As for the logistics, I can see how branching choices would get really messy and confusing from a development point of you. As far as the player debating between the lust or the greed choice, I think that it would work best if the choices aren't presented as obviously aligned with a particular metric. Rather than seeing the lust choice, you can choose to seduce someone. Or you can try to persuade someone with facts and evidence which might increase kindness. I think to make a system like this more smooth, I think the choices would have to become more interesting by at least implying certain motivations. I do agree, though, that practically, this could be a nightmare.
I'm mostly interested in this conversation because I don't think games do morality in a very interesting way at the moment. I think that if there is some sort of morality mechanic in a game, it'd be much more interesting if it was more than a mere cosmetic feature that doesn't really amount to much.
Apr 6 2012, 12:48 PM
I prefer The Witcher way. There are no good or bad choices. All that matters are their consequences, which are really hard to predict. A game should not have meters for player's moral choices, but it sure as hell should have consequences.
Apr 8 2012, 02:50 PM
The 7 deadly sins example sounds like it could make a really good system, but it also sets up a rather negative definition of morality (the moral decision is *not* doing something). It could work if you tied it to the right story though, and I don't think it explicitly has to connect to Christianity, as virtually all RPGs draw from different religions to make their stories. I also like your idea of giving different characters different moral choices that fit their personality.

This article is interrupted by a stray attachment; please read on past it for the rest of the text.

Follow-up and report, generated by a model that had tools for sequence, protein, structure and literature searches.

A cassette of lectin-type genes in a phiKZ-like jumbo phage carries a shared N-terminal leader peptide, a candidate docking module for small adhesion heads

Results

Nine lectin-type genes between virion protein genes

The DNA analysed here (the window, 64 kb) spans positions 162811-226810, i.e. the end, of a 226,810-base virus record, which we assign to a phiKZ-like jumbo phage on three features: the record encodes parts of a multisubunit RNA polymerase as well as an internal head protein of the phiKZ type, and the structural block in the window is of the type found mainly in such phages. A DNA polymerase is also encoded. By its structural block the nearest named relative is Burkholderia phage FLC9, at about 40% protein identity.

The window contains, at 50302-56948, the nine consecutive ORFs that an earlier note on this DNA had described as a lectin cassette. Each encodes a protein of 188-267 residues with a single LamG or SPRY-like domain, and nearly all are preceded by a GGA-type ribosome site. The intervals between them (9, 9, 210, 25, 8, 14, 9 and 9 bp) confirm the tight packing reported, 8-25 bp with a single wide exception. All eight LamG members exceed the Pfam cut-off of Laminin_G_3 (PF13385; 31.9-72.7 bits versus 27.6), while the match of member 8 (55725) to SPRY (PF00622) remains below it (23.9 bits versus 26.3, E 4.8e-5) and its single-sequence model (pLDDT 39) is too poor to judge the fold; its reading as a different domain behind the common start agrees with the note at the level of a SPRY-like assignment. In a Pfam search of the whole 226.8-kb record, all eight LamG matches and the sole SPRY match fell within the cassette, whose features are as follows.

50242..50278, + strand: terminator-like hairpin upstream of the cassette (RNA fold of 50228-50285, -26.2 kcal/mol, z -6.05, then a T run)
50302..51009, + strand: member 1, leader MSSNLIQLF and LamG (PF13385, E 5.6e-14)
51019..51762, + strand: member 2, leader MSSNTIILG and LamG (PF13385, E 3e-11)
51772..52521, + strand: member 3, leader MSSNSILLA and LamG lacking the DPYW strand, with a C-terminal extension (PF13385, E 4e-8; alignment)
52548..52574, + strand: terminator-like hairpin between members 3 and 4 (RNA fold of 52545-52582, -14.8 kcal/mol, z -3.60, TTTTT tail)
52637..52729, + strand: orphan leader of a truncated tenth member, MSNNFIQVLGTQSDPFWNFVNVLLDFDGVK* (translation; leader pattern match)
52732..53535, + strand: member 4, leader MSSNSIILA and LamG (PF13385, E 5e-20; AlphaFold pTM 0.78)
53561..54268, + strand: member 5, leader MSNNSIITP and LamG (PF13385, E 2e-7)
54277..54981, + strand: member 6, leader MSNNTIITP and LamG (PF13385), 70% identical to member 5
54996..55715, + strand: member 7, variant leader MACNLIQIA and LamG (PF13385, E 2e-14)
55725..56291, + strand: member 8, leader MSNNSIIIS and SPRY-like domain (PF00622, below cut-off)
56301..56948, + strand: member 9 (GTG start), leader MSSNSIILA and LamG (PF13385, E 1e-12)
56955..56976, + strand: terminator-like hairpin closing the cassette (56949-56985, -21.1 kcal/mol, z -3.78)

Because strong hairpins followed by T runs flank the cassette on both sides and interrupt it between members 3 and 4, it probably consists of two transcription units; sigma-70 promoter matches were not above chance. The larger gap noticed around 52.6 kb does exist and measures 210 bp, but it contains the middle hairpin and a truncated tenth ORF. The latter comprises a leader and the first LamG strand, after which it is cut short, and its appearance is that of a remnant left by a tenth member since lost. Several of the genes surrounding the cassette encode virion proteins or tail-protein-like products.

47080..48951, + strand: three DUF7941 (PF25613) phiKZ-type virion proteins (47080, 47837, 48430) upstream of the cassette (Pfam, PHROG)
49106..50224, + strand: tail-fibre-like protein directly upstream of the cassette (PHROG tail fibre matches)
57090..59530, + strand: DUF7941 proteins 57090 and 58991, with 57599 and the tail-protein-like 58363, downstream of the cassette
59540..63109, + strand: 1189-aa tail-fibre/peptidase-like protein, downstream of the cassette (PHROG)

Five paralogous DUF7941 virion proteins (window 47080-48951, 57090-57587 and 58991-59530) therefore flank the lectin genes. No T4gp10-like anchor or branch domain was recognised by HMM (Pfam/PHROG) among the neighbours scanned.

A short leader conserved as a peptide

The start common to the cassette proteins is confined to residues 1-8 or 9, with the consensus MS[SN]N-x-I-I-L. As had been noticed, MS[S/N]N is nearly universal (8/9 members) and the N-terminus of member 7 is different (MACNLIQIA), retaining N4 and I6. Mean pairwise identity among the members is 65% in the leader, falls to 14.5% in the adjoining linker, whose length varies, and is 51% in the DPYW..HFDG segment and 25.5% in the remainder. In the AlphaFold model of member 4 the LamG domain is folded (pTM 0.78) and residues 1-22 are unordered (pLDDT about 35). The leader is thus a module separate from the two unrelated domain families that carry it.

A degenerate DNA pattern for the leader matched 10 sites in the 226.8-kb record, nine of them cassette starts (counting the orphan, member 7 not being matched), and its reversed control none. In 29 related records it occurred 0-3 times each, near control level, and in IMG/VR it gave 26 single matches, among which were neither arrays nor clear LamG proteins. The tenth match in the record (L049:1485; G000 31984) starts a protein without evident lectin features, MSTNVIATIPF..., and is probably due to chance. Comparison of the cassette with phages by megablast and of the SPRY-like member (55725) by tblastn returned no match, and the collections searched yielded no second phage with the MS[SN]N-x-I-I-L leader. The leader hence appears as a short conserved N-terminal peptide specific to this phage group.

My question to you would be "What is your goal in designing a morality system?" I'm not very familiar with WRPGs but from what I understand the point of the system is to create emotional investment for the player. Decisions are supposed to make players think about the implications of their actions, but I can see where allowing the player to make decisions that go against the character's personality would actually have the opposite effect. For these systems to really make me care about my actions, I'd want them to have some major impact on the story or ending. This adds major replay value, and I really don't think decision-branching systems are worth designing unless they make the player want to play again to see how different choices result in different experiences.
Decision choices in Persona 3 and 4 work well because the main characters are the silent "blank slate" type. Some of the choices you make in dialogue can give you stat boosts (for example, a character is going to do something wrong and you can try to stop them or not; either way, you cannot stop what is going to happen, but *trying* to stop him increases your courage, which you need to access some quests). The game is also very story-heavy, and generally the nicer you are to characters, the more cutscenes you get with them, the more you get to learn about their character and your teammates sometimes gain new abilities just by you (the main character) making a decision to spend time with them.
Either way, as people have said, creating a good system would require a LOT of work. Please let us know if you want to develop a full system because we'll be glad to help :-)